David Lilenfeld Blog The intellectual property blog of David Lilenfeld

20Jan/160

Nestlé Can’t Get a Trademark Break for its Kit Kat Bar

By David Lilenfeld on January 20, 2016

Kit Kat, the iconic chocolate-covered wafer candy, was first produced in Great Britain in 1935.  Nestlé understandably wanted to register the Kit Kat’s four-finger shape as a trademark, filing an application there in 2010.

In arguing for registration of the trademark, Nestlé’s relied heavily on a survey its experts conducted.  In administering the survey, Nestlé presented a photograph of the four-finger shape to consumers and asked them – to describe what they saw.  According to Nestlé, more than 90% of those surveyed made a reference to the Kit Kat bar, upon viewing the four-finger shape.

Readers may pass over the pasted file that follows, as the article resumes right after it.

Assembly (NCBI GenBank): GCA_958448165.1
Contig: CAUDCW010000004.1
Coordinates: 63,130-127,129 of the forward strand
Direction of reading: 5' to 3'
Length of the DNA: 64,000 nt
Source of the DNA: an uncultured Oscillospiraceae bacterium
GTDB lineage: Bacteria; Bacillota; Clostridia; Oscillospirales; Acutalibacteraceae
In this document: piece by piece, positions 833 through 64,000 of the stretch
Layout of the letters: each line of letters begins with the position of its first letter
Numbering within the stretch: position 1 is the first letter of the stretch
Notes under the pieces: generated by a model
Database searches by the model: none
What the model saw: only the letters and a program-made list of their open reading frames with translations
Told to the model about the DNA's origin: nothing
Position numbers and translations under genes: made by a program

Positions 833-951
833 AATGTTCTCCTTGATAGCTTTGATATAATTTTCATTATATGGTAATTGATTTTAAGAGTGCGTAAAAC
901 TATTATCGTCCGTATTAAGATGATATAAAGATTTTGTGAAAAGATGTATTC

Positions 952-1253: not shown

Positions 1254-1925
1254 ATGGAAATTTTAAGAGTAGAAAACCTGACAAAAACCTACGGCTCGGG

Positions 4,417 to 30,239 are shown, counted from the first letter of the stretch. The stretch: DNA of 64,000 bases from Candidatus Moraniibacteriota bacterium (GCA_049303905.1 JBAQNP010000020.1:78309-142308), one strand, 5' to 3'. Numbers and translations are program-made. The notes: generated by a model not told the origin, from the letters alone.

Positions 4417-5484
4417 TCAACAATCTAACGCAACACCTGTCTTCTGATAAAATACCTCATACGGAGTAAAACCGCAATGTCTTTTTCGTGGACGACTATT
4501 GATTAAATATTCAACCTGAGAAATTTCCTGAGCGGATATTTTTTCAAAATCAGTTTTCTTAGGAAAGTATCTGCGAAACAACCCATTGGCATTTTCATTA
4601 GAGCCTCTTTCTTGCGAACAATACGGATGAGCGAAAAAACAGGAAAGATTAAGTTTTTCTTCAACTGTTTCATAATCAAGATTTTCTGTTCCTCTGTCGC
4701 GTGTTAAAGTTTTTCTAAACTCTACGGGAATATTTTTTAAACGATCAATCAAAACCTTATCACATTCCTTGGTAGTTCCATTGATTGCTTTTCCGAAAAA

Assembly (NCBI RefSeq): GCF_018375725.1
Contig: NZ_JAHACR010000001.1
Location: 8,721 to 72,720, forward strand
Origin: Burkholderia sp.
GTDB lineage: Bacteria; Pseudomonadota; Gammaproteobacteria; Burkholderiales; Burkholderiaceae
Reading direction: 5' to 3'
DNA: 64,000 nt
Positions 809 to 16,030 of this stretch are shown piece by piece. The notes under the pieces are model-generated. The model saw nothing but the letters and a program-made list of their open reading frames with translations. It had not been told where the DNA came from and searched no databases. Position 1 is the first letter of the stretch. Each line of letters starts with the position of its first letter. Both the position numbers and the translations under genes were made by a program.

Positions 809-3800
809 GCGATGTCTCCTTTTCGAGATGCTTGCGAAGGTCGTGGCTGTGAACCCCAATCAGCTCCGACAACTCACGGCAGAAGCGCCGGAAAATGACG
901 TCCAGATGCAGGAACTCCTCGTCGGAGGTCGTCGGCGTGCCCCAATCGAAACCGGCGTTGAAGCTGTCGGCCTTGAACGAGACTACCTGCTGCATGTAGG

However, the British courts were not enticed and cooked up another bad break for Nestlé.  The European Court of Justice Court refused to acknowledge the four-finger anatomy of the Kit Kat bar as a protectable trademark.  The rejected trademark, described in the case as the “shape of a four finger chocolate-coated wafer," likely leaves wide-open the market for other four finger chocolate covered candies, undoubtedly leaving a bad taste in Nestlé’s mouth.

First up to explore that wide-open market could be Nestlé’s rival, Cadbury, who led the charge to ensure the high court rejected Nestlé’s four-finger trademark application.

By the way, David Lilenfeld's research into this story revealed the Kit Kat is made by a division of Hershey, under a license from Nestlé and taste great.

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